When you decide to add reviews to your website there is a big temptation to add “fake” or “artificial” reviews, you should avoid this. First, it’s extremely unlikely you will be able to create reviews with a different style and language structure that reads like more than one person wrote them. Nothing says “you are a shady merchant” like fake reviews.
Secondly, in some jurisdictions, writing or publishing fake reviews is illegal and may result in a hefty fine. Another issue to consider is how you incentivize your reviews, again some states or countries have legal issues regarding how you incentivize actions, and contests laws vary considerably, so be sure to do your research.
Hopefully you have spent time and effort optimizing your pages content for the proper keywords. Since most consumers don’t write with a keyword focus in mind, adding reviews may throw off the keyword focus of your product pages. One suggestion is to show a few of the most useful or editorially selected reviews on the product page, and to locate all the other reviews on separate page. Another concern is adding dates to your reviews. Consumers like to see current and up to date reviews, however Google recently announced they updated their algorithm to show “fresh” results. Even though reviews from 2 years ago may be helpful, having an old date in the SERPs may negatively affect your click through rates.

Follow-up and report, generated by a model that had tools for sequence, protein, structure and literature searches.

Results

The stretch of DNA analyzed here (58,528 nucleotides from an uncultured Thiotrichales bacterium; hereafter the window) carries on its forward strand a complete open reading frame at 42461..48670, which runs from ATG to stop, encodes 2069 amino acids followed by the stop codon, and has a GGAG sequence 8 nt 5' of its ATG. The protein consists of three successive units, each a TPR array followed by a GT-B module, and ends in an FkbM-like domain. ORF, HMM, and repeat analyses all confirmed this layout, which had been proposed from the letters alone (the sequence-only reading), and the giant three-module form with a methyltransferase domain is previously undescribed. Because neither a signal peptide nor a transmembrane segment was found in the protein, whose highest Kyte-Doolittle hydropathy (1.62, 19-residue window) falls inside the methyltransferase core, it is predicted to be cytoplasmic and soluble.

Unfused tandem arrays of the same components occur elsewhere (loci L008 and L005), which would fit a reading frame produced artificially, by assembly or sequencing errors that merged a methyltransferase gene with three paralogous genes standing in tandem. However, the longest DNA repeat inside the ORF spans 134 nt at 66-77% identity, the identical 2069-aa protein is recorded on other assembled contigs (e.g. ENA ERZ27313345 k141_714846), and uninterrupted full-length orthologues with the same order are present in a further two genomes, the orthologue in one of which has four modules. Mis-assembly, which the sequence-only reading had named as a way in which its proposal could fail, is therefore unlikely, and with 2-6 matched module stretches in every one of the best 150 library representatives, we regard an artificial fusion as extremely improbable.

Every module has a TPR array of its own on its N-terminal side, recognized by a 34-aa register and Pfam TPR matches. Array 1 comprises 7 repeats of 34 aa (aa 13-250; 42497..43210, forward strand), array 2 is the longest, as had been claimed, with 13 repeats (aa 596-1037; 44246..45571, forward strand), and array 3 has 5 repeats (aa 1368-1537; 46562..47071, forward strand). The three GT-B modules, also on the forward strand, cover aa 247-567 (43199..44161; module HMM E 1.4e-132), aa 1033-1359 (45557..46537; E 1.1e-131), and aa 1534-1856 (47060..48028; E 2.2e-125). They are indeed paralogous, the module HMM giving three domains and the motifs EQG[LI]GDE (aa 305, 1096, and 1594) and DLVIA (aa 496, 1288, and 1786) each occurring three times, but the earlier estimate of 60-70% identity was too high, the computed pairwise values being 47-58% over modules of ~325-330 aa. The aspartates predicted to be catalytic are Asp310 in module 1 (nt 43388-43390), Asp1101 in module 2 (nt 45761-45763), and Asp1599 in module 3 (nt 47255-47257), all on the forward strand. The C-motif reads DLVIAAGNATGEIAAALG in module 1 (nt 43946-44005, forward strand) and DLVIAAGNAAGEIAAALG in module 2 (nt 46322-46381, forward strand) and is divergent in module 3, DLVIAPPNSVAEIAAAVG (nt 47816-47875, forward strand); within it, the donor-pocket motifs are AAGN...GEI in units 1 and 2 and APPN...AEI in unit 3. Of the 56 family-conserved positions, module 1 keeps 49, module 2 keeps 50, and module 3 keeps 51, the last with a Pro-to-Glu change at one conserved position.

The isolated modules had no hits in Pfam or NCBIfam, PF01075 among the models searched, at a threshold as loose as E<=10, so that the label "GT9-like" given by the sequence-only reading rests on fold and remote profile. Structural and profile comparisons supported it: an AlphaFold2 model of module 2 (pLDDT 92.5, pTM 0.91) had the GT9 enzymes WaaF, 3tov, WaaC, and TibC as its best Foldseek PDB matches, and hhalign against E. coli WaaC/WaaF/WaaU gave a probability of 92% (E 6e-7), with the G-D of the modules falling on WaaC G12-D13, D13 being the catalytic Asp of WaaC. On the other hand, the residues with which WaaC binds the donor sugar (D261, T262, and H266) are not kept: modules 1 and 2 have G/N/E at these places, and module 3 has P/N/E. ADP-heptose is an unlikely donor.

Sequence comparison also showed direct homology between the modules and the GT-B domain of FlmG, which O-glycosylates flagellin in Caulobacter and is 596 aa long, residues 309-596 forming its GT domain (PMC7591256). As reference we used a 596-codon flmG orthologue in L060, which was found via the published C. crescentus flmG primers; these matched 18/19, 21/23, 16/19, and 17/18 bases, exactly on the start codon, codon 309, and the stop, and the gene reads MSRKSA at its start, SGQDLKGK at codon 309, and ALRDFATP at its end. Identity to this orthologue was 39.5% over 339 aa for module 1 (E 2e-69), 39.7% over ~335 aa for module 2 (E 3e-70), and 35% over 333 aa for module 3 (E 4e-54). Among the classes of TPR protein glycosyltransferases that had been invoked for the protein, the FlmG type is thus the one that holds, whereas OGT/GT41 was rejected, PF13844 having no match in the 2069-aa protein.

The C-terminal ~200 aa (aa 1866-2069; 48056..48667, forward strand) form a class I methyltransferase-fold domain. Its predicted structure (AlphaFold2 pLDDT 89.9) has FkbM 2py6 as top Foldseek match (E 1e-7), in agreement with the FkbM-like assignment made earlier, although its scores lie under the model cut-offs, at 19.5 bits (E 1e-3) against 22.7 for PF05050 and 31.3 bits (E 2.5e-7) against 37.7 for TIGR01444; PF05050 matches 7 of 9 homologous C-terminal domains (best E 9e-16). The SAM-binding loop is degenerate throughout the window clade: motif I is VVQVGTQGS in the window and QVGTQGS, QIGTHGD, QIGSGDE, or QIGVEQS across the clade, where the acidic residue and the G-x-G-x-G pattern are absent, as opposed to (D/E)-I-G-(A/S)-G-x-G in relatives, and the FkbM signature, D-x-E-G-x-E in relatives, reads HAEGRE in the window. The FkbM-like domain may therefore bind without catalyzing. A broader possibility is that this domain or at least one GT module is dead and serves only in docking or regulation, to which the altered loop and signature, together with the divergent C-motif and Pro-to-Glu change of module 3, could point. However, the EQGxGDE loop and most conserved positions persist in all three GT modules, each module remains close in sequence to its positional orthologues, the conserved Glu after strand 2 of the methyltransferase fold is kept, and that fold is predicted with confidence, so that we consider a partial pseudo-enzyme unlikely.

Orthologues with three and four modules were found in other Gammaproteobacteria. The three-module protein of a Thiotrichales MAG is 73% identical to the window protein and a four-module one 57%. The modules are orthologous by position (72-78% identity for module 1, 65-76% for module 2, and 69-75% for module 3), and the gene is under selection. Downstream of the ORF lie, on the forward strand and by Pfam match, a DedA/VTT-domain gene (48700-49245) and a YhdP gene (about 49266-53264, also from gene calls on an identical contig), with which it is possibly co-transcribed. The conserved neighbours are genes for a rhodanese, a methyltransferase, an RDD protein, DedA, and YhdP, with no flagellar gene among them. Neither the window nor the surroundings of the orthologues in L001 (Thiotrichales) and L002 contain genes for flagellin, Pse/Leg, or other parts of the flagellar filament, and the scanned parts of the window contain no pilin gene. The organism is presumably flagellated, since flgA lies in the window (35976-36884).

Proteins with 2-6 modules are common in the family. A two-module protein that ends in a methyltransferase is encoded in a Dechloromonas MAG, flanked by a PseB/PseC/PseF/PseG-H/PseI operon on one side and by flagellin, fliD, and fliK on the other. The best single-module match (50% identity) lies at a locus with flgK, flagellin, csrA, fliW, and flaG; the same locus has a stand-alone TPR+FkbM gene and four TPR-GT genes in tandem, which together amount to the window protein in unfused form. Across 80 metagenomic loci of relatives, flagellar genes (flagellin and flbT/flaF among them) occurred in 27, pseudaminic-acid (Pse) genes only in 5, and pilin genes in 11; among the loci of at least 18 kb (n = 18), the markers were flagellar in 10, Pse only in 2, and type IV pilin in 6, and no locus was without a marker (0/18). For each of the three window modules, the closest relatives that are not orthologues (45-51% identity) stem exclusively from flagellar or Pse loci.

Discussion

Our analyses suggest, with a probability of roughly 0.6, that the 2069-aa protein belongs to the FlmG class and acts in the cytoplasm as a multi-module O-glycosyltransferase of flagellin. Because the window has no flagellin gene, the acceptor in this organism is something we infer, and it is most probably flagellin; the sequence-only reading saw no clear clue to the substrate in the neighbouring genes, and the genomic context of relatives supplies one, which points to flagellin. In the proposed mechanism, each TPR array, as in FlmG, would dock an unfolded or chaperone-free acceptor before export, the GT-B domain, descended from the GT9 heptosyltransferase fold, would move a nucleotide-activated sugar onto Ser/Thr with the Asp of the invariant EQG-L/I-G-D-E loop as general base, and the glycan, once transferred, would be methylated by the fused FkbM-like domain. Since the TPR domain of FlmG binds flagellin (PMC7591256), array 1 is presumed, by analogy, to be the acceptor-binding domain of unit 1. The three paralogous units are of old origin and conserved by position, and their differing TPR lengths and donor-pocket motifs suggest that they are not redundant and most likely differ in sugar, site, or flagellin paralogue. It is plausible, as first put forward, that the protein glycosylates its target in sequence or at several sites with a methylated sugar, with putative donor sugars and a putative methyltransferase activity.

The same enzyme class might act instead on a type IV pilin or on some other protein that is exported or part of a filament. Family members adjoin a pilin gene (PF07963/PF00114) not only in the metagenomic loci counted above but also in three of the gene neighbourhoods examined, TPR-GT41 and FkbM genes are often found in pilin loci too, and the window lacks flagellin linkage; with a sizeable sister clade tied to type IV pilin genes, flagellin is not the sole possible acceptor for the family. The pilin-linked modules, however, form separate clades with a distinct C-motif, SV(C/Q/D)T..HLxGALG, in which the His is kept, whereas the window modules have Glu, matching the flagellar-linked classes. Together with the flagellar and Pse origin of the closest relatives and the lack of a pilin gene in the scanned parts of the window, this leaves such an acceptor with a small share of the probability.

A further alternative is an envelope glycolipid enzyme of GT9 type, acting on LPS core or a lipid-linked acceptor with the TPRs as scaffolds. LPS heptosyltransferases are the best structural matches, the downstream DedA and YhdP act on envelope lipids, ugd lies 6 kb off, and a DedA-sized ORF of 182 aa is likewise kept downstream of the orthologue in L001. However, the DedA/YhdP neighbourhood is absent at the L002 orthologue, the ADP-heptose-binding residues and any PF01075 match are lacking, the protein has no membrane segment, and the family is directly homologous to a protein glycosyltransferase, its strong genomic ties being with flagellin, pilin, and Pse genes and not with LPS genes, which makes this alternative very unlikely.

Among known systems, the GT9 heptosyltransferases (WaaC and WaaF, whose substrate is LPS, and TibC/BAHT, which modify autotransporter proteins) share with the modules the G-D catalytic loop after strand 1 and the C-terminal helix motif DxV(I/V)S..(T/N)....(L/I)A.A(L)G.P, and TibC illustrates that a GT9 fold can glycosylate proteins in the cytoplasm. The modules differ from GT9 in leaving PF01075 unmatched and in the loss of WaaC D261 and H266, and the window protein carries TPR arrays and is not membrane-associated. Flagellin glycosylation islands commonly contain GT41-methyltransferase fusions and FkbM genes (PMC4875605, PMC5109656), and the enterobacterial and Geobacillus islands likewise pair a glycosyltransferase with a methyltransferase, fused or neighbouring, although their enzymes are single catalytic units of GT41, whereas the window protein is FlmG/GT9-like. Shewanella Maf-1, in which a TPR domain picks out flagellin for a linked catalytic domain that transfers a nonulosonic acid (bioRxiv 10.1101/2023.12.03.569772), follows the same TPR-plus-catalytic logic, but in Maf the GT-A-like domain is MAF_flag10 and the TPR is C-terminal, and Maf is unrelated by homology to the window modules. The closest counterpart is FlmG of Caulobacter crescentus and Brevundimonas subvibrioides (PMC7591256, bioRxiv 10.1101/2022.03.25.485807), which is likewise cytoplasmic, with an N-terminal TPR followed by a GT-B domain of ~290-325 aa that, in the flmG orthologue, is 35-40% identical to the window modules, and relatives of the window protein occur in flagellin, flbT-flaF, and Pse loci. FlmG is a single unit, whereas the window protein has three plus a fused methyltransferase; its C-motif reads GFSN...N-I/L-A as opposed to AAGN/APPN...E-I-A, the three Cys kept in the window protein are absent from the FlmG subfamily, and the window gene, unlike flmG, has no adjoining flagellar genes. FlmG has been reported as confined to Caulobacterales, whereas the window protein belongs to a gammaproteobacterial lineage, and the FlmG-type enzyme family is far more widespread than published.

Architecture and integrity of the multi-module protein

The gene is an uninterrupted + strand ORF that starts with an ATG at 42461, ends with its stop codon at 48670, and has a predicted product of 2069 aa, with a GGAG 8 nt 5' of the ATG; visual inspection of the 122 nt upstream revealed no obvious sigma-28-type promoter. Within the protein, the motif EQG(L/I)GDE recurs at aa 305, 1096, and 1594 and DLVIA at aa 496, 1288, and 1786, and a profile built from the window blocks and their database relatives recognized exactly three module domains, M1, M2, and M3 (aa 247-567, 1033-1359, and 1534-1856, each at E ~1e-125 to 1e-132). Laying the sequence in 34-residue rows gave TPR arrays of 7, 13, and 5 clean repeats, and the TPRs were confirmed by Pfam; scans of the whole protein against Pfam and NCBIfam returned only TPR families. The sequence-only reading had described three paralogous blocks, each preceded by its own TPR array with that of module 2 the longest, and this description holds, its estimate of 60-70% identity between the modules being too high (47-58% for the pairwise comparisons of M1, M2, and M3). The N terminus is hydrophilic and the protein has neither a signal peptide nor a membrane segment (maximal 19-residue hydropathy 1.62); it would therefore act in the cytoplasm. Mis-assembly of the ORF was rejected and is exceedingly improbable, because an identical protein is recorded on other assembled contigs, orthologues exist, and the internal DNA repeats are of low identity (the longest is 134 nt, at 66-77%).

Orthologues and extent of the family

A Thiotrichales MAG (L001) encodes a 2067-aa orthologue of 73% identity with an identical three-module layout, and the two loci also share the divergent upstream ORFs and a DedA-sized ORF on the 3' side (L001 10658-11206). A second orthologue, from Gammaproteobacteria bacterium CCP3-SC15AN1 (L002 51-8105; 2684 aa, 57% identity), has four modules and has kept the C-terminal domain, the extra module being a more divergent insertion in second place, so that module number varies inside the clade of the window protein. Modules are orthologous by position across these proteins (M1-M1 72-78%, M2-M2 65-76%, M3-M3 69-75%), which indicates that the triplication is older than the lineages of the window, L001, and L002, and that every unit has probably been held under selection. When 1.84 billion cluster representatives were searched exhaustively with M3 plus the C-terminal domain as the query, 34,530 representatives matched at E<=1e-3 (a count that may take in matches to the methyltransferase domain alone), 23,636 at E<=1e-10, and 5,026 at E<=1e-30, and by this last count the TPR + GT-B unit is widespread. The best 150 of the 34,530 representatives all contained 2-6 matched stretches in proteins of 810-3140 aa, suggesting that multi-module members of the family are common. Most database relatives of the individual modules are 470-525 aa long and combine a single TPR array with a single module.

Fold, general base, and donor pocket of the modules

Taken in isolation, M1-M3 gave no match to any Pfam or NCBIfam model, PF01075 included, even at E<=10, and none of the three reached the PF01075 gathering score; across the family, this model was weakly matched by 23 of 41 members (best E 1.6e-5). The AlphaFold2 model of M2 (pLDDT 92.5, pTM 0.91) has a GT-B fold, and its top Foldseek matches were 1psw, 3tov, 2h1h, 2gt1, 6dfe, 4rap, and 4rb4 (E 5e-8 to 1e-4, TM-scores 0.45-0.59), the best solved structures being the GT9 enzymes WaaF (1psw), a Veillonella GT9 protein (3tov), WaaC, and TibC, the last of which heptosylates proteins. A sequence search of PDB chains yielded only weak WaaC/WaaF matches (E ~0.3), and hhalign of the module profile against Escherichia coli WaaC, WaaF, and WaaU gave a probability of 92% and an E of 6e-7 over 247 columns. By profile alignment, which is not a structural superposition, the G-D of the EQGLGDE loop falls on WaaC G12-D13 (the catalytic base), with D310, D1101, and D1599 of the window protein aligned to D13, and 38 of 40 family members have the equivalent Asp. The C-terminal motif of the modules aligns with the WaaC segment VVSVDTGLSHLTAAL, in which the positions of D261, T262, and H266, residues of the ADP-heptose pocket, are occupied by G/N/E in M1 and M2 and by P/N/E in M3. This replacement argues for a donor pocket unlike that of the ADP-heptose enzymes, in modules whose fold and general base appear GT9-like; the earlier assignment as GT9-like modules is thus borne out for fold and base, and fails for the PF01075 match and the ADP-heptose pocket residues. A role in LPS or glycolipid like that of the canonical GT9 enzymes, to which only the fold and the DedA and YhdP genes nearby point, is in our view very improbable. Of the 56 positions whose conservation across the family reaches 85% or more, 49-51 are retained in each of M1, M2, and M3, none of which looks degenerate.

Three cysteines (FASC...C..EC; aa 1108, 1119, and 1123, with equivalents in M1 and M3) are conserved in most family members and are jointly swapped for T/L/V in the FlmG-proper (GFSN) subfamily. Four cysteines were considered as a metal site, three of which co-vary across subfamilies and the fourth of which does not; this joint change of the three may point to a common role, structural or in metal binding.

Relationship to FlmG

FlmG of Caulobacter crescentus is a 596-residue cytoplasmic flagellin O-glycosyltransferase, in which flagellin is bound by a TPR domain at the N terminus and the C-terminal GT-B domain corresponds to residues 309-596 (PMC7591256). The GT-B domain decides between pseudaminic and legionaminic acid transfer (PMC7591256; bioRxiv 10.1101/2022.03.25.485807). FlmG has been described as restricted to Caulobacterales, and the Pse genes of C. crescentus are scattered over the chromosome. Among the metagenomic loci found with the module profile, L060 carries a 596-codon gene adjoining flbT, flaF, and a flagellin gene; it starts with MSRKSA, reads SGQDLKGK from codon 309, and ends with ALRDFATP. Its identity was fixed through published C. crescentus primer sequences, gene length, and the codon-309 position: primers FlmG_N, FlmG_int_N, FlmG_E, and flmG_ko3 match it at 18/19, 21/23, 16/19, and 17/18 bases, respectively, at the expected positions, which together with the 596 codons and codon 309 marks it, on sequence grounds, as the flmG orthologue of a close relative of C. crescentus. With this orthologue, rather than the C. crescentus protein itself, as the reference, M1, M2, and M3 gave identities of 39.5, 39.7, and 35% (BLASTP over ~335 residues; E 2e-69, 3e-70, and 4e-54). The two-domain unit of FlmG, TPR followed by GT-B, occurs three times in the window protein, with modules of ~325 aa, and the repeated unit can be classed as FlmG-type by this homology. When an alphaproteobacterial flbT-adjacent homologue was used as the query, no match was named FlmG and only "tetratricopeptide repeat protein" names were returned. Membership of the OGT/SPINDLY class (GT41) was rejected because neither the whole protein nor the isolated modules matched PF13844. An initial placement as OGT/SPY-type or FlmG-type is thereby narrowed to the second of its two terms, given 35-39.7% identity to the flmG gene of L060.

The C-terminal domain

Takeaways from this post:
- Come up with an incentive plan that encourages customers to submit reviews
- Contact old and new customers for reviews
- Promote and advertise your review incentives to the right audience
- Set up a review policy that allows you to moderate as needed
- Format your reviews using the proper XML markup for rich snippets
- Review that your review plan doesn’t create any legal problems
- Be aware of any SEO pitfalls you might introduce by including reviews